New Trade Legislation Includes Provisions to Combat Human Trafficking and Forced Labor

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[author: Elizabeth Owerbach]

The June passage of Trade Promotion Authority (TPA) legislation included a provision designed to prevent the United States from making trade deals with governments who fail to do their part in combatting global human trafficking. The legislation stipulates that no trade agreements the United States makes with countries designated as Tier 3 on the State Department's Annual Trafficking in Persons Report (TIP Report) will benefit from "fast-track" congressional consideration under TPA.

The United States defines human trafficking to include "all of the criminal conduct involved in forced labor and sex trafficking, essentially the conduct involved in reducing or holding someone in compelled service." To combat global trafficking, the United States has developed Minimum Standards for the Elimination of Trafficking in Persons and each year releases a TIP Report categorizing countries based on their governments' efforts to comply with the minimum standards. Tier 1 countries "fully comply" with minimum standards, Tier 2 countries are making "significant efforts" to comply, Tier 2 Watch List countries are making significant efforts but have a particularly significant trafficking problem or warrant precaution for other reasons, and Tier 3 countries are not making significant efforts to comply with the minimum standards.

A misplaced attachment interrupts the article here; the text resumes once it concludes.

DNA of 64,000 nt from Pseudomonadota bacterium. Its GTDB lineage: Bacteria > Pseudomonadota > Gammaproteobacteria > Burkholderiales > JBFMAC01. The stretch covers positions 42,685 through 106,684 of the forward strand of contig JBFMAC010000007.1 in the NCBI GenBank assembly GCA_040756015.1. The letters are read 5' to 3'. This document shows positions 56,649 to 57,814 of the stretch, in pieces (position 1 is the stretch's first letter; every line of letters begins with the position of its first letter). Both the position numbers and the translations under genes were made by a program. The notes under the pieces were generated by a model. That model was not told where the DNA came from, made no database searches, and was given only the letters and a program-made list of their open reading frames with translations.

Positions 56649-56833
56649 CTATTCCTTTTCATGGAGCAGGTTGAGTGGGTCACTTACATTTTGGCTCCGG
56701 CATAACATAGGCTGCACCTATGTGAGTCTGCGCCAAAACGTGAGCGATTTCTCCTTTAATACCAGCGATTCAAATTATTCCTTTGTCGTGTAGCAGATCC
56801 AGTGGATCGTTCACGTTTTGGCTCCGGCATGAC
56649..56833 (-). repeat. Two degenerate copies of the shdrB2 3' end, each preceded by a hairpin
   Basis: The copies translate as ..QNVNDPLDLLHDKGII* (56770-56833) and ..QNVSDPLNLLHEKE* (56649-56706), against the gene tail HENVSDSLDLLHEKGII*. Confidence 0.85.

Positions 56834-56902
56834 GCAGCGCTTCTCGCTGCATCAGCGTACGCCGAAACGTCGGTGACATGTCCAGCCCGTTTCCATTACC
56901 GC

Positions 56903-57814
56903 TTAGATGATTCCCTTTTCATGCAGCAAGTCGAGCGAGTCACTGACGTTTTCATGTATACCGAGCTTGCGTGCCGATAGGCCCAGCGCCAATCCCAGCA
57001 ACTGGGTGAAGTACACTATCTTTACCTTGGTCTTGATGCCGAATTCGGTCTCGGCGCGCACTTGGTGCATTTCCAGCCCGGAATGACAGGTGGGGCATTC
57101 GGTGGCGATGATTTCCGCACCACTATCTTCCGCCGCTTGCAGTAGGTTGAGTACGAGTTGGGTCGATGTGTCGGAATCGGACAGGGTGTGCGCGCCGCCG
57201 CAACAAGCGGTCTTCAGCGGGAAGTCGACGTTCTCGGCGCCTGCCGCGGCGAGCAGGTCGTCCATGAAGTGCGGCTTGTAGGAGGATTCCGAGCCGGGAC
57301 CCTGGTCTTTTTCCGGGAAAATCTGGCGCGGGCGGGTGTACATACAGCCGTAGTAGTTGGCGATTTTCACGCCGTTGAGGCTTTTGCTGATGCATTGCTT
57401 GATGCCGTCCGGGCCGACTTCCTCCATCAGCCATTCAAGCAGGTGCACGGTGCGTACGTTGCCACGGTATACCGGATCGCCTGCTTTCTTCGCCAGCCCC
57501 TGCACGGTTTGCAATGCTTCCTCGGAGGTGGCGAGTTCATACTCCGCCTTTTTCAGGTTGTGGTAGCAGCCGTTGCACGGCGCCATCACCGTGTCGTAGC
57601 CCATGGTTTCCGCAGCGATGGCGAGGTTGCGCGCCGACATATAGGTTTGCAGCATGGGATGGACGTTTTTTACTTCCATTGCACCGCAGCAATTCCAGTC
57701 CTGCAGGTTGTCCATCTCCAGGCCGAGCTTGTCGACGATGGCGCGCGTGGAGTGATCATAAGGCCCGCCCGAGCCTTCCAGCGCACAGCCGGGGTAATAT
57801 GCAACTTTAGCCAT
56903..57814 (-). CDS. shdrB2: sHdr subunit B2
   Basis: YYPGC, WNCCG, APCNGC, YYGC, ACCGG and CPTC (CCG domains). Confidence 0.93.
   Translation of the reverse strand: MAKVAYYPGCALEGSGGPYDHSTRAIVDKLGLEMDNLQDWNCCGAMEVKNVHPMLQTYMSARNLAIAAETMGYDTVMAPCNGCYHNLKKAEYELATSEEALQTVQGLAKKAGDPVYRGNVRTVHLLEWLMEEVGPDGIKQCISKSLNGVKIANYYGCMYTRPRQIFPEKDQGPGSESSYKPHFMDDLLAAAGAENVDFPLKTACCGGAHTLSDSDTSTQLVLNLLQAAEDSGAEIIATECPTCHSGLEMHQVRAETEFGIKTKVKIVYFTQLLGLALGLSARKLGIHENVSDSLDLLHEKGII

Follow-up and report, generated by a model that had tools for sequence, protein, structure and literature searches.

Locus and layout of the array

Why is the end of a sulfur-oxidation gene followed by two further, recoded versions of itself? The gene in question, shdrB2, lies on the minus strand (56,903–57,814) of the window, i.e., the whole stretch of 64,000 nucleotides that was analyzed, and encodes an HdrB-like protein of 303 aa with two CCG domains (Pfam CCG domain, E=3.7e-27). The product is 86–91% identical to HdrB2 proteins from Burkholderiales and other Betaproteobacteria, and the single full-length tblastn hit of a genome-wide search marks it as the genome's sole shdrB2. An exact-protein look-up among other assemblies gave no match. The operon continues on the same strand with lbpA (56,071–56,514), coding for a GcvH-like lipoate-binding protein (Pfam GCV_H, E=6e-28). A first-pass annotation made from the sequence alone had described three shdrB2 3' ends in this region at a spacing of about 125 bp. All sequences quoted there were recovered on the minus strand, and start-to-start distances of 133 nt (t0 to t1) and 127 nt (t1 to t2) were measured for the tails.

In late July, the State Department released its 2015 TIP Report. Significantly, the report upgrades both Malaysia and Cuba from "Tier 3" to the "Tier 2 Watch List." This move has drawn criticism from Senator Menendez and other supporters of TPA's trafficking-related restriction. Malaysia is one of the countries involved in negotiations for a Trans Pacific Partnership (TPP) Agreement with the United States and ten other countries. Completion of the TPP Agreement may soon be possible with the passage of TPA. Meanwhile, improving relations with Cuba has been a priority for the Obama Administration, who recently reestablished diplomatic ties with the country.

Senator Menendez has accused the Administration of "elevat[ing] politics over the most basic principles of human rights." He is joined by other Congressional leaders and human rights groups who claim the Malaysia and Cuba upgrades were not warranted by the governments' efforts to combat trafficking. The State Department has insisted that its upgrades are based on an assessment of the compliance criteria and were not motivated by political concerns.

In addition to the trafficking provisions of TPA, a human rights provision is also included in the pending Trade Facilitation and Trade Enforcement Act of 2015, which has been approved by the House of Representatives and the Senate but is awaiting reconciliation between the two versions. Language in this bill would eliminate the "consumptive demand" exception that currently exists to the U.S. prohibition on importing merchandise made by convict, forced, or indentured labor. This would eliminate the requirement that products may only be blocked from importation in cases where the United States produces a sufficient quantity on its own, potentially increasing the effectiveness of the prohibition.

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